Inscribed in 2014 (9.COM) on the Representative List of the Intangible Cultural Heritage of Humanity
Ebru is the traditional Turkish art of creating colorful patterns by applying color pigments drop by drop or with a brush onto water to which oily substances have been added in a container, then transfer this pattern to paper.
The designs and effects employed in the art of marbled paper are, among others, flowers, foliage, ornamental motifs, tracery, mosques and moons; they are used for decoration in the traditional art of bookbinding.
Practitioners use natural methods to extract tinctures from natural pigments, which are then mixed with a few drops of ox bile, a type of natural acid, before being drip or brushed onto a preparation of thickened liquid, where they float in variegated patterns.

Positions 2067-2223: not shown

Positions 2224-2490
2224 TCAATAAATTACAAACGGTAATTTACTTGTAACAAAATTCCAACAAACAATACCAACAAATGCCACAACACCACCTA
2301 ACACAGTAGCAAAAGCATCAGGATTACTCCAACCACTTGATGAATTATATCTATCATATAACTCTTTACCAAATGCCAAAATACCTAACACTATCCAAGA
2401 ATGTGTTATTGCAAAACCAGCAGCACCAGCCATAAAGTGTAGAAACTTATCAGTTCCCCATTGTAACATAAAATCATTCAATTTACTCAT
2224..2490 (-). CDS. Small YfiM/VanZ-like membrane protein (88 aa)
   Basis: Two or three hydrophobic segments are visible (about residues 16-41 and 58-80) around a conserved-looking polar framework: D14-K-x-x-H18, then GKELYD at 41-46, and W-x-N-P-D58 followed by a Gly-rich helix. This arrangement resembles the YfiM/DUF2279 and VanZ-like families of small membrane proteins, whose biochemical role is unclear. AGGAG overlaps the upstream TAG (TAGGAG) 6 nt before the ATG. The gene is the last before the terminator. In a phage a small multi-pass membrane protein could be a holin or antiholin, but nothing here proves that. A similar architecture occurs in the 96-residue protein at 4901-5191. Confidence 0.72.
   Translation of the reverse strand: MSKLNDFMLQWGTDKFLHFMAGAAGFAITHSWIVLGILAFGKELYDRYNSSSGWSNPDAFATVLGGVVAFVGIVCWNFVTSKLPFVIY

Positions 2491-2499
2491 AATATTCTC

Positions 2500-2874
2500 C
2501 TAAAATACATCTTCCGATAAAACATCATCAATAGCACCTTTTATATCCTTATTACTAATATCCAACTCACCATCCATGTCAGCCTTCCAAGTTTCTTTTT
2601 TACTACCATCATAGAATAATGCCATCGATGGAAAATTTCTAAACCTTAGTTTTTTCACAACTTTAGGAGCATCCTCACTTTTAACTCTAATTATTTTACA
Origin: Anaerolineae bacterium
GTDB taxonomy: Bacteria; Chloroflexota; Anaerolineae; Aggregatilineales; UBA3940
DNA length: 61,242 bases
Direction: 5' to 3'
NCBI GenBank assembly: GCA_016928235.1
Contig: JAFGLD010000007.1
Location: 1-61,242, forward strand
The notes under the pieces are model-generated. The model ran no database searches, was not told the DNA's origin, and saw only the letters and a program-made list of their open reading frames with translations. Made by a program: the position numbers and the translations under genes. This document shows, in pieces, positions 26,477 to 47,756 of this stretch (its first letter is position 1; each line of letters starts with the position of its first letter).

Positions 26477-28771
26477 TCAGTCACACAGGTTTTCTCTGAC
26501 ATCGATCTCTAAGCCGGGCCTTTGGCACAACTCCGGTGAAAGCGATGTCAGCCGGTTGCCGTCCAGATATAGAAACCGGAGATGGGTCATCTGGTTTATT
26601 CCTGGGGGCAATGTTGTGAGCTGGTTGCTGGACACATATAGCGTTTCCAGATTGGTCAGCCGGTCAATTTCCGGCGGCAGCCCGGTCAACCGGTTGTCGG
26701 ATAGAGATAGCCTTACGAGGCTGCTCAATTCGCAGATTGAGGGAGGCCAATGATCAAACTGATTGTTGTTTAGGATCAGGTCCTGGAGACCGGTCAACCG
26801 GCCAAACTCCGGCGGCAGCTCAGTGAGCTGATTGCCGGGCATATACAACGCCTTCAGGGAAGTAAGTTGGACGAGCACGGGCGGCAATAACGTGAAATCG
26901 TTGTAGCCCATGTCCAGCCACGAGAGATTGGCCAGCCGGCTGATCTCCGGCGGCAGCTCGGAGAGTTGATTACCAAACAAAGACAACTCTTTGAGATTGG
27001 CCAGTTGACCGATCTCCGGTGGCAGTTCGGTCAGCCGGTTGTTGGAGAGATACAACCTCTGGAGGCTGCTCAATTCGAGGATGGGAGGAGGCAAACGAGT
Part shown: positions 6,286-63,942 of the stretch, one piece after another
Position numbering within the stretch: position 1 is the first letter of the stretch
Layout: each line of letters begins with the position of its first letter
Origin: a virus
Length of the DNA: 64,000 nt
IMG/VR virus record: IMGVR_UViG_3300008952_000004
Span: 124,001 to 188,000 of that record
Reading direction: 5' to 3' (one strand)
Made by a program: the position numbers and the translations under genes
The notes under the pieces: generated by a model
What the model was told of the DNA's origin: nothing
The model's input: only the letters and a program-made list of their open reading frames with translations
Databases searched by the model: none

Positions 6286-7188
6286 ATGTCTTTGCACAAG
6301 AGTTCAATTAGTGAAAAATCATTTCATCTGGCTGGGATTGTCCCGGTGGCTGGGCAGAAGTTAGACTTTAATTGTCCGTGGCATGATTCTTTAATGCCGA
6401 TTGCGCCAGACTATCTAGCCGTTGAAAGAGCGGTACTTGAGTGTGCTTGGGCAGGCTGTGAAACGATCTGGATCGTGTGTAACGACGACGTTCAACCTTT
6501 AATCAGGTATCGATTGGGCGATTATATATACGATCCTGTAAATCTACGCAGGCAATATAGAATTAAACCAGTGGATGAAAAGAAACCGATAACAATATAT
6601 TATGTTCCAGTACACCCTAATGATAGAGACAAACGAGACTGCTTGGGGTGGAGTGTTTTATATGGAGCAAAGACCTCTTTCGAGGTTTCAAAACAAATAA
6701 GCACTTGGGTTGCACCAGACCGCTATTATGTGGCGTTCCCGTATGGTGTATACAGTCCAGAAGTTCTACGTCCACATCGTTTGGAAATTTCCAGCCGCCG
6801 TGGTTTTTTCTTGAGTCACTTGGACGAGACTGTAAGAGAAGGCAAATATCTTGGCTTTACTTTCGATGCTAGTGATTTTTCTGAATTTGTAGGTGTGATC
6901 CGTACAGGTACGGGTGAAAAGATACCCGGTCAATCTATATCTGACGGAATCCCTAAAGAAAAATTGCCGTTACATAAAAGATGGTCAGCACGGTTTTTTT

The knowledge and know-how of artists and practitioners of ebru, as well as the philosophy of this art, are transmitted orally and by practice within the framework of master-apprentice relationships. It takes at least two years to acquire the basic know-how of ebru. This tradition is practiced regardless of age, gender or ethnicity, and plays an important role in empowering women and improving community relations. The collective art of ebru encourages dialogue through friendly exchanges, strengthens social ties and strengthens relationships between individuals and communities.